Black defendants, still only 5 percent of the population, represented 38 percent of those sentenced to death during this era, 50 percent of those executed, and only 18 percent of those who had commuted death sentences. White defendants fared better, with those native-born and Western European executed less and commuted more than Eastern Europeans whose whiteness was less fully secure. Just as black defendants suffered disproportionately, black victims received less legal protection. Fully 82 percent of all death sentences were imposed in cases with white victims.


William S. Lofquist is a professor of sociology at the State University of New York at Geneseo. His research interests focus on the historical, geographic, and racial patterning of the death penalty, wrongful convictions, and the future of the death penalty.


  1. Stuart Banner, The Death Penalty: An American History (Cambridge, MA: Harvard University Press, 2002), 88–111.
  2. From the Espy data, originally collected by Alabama-based amateur historian, Watt Espy, and subsequently supplemented by John Ortiz Smykla (see https:// For data related to the history of executions in Pennsylvania, see Negley K. Teeters, “Public Executions in Philadelphia,” Prison Journal (October 1958): 63–74; Teeters, Scaffold and Chair: A Compilation of Their Use in Pennsylvania, 1682–1962 (Philadelphia: Pennsylvania Prison Society, 1963); and Teeters and Jack H. Hedblom, Hang by the Neck: The Legal Use of Scaffold and Noose, Gibbet, Stake, and Firing Squad from Colonial Times to the Present (Springfield, IL: C.C. Thomas, 1967).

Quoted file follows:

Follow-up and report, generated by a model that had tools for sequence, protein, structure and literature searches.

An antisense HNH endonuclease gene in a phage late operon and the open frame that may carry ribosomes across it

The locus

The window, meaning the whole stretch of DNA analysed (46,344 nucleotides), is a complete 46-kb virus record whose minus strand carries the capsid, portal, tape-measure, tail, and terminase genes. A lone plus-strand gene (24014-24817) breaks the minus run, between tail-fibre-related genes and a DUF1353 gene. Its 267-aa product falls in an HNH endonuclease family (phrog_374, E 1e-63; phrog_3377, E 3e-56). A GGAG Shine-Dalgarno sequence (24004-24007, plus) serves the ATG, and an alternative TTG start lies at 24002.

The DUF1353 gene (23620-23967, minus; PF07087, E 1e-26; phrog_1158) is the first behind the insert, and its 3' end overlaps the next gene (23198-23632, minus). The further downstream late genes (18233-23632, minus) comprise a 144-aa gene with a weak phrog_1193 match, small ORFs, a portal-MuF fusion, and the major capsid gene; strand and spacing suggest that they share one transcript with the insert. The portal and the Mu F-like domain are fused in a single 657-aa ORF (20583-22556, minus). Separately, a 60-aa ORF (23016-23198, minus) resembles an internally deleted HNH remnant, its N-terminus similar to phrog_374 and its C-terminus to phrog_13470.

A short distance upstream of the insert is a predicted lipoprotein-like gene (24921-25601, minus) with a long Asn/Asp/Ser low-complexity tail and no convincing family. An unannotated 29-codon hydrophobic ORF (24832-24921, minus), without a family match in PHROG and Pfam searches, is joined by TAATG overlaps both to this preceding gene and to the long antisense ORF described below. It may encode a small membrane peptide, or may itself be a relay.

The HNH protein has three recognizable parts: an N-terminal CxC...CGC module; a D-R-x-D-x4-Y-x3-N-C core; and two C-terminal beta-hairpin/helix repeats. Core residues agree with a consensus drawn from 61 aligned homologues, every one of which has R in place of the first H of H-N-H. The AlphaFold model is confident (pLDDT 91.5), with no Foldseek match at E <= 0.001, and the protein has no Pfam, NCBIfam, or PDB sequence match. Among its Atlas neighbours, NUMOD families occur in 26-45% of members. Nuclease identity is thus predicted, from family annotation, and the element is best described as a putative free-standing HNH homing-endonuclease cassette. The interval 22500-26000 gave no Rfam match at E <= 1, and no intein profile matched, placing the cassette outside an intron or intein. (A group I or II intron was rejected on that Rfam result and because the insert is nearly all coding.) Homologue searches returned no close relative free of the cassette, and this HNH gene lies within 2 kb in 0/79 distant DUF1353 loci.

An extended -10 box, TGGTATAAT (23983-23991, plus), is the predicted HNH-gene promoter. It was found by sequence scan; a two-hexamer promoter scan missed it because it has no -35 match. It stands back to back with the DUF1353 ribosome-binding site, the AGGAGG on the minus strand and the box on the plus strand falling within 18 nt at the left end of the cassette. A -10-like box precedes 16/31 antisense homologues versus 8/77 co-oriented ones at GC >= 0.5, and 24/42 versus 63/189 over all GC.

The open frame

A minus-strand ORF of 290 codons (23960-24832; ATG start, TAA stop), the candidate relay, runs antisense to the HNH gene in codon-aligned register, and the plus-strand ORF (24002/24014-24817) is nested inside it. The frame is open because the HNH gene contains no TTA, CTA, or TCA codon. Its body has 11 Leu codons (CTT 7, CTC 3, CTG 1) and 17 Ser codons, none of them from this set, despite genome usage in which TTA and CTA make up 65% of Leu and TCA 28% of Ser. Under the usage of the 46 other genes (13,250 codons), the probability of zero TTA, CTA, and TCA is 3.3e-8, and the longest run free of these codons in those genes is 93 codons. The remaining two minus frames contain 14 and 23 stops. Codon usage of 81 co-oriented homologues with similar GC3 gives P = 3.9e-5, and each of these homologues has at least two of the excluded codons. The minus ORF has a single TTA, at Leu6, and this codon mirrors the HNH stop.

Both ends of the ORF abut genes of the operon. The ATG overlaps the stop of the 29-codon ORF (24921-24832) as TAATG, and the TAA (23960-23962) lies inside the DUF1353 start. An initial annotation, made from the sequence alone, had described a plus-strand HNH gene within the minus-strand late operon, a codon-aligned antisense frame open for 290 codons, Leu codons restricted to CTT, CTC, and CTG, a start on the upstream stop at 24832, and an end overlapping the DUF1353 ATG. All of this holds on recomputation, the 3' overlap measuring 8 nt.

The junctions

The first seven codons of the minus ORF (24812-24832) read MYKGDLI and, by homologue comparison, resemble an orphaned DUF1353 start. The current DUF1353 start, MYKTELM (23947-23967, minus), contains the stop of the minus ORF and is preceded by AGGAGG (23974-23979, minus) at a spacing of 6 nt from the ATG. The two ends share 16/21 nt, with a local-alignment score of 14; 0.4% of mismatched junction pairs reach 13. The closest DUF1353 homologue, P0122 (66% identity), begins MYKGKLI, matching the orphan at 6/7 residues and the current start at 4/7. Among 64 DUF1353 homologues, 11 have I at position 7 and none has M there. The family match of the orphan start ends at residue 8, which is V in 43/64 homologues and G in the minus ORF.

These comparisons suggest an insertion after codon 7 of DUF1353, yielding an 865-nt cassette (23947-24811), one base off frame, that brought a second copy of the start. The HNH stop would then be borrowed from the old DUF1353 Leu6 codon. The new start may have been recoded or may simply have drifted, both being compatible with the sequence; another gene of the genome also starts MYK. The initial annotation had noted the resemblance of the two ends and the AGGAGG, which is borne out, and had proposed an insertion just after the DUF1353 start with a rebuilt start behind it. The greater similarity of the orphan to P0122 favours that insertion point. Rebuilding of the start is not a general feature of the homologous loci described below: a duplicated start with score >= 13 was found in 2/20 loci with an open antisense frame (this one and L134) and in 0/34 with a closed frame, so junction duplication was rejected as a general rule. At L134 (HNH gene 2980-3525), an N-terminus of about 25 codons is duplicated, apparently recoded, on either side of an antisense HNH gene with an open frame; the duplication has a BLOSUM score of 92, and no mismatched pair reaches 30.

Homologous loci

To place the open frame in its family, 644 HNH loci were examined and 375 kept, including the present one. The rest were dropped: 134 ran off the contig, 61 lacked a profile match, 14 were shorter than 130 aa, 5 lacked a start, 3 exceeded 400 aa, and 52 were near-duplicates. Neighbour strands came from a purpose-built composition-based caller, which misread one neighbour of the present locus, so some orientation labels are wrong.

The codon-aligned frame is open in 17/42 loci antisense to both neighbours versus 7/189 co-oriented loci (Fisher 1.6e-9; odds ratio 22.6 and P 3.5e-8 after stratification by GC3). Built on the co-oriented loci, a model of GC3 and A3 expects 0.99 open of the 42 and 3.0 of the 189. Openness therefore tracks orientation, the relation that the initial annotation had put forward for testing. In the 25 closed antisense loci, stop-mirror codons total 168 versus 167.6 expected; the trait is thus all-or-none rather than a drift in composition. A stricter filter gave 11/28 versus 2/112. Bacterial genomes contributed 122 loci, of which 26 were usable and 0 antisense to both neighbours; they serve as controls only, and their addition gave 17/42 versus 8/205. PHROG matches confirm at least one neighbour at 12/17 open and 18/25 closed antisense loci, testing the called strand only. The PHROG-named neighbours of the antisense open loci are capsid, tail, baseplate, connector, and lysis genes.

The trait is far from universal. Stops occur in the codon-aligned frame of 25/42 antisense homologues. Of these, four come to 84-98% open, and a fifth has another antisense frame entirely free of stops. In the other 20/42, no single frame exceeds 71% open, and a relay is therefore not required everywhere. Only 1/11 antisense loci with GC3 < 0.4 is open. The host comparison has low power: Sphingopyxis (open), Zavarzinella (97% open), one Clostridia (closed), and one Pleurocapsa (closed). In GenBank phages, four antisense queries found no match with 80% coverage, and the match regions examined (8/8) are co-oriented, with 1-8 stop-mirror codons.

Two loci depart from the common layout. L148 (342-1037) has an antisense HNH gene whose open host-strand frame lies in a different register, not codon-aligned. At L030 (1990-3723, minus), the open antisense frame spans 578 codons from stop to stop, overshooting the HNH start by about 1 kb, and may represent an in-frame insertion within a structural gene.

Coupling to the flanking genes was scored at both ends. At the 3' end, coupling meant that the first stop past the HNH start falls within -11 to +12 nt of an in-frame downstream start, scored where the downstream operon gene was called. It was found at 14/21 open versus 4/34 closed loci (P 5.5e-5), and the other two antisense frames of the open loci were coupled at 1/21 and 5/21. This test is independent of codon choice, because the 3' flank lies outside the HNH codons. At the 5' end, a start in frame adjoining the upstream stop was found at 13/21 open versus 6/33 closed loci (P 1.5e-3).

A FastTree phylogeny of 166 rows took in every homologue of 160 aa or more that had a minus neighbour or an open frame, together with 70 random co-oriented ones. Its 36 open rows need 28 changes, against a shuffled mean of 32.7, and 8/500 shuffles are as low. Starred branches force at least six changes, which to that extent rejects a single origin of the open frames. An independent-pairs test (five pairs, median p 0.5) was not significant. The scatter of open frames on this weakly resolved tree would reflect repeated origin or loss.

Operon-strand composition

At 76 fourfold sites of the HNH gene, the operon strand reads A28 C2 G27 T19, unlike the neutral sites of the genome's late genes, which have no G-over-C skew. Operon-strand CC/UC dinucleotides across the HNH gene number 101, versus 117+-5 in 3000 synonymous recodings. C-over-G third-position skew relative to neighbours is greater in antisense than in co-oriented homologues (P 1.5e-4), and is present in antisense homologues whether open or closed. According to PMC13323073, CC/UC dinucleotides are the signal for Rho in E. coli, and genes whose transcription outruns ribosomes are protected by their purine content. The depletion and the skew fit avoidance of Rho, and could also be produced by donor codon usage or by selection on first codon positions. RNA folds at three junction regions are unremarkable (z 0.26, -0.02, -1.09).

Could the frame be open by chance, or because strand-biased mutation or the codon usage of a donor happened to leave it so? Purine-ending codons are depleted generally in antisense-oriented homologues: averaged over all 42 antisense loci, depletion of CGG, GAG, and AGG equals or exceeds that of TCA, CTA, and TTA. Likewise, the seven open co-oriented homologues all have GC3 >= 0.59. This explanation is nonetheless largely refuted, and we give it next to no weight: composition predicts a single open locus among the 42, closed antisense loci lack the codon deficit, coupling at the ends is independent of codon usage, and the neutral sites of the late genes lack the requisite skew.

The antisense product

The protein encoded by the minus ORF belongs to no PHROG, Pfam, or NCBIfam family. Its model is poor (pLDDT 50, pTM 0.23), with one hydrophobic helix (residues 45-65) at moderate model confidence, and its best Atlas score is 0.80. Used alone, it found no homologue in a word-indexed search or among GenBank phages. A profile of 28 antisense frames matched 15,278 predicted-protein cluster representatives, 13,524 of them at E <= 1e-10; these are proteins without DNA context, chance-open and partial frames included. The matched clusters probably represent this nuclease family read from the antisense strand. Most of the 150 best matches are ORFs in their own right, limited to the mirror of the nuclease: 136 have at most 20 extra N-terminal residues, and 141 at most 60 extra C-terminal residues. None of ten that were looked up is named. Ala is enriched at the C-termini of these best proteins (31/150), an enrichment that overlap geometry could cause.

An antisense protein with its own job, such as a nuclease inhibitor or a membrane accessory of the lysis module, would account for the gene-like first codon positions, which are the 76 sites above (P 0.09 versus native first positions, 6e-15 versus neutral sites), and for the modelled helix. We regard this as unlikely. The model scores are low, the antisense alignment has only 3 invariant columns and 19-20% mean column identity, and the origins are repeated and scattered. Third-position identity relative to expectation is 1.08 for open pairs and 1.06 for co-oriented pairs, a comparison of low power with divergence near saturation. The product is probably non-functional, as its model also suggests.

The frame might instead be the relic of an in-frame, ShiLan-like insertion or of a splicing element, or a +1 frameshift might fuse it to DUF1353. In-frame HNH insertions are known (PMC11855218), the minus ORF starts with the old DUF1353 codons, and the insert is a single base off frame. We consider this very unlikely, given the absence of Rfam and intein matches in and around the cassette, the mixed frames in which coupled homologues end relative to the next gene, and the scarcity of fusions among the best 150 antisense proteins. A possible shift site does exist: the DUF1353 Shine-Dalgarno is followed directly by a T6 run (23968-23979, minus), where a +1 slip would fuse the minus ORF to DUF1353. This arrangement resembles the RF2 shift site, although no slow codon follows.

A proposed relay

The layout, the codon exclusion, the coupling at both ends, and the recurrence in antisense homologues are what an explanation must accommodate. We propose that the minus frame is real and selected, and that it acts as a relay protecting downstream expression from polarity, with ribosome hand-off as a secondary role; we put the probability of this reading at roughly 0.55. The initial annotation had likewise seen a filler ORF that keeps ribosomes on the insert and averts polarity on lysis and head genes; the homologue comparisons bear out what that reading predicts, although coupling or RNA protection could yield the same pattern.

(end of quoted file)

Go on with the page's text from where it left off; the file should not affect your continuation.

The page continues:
3. Cleveland Thompson was executed on May 4, 1959, for murdering Wallace Russell in a Hill District bar on September 13, 1949. Since Thompson was first sentenced to death in 1950, thirty-two men have been sent to death row from Allegheny County. As of this writing, nine such men are on death row.
  4. The last three men to be executed in Pennsylvania—Keith Zettlemoyer (Dauphin County) and Leon Moser (Philadelphia County) in 1995 and Gary Heidnik (Philadelphia County) in 1999—were so-called volunteers, who facilitated their own executions by refusing to make use of available appeals. The state has not executed an inmate who made full use of available legal options since Elmo Smith (Montgomery County) was executed in 1962.
  5. See Richard C. Dieter, “The Future of the Death Penalty in the United States,” University of Richmond Law Review 49 (2015): 921–38; Brandon Garrett, End of Its Rope: How Killing the Death Penalty Can Revive Criminal Justice (Cambridge, MA: Harvard University Press, 2017); and Death Penalty Information Center, The Death Penalty in 2017: Year End Report, YearEnd2017.
  6. Furman v. Georgia (408 US 238, 1972), in which the US Supreme Court ruled the death penalty unconstitutional, is recognized by death-penalty scholars as marking the boundary between a long era of limited constitutional scrutiny of the death penalty and the more regulated contemporary era.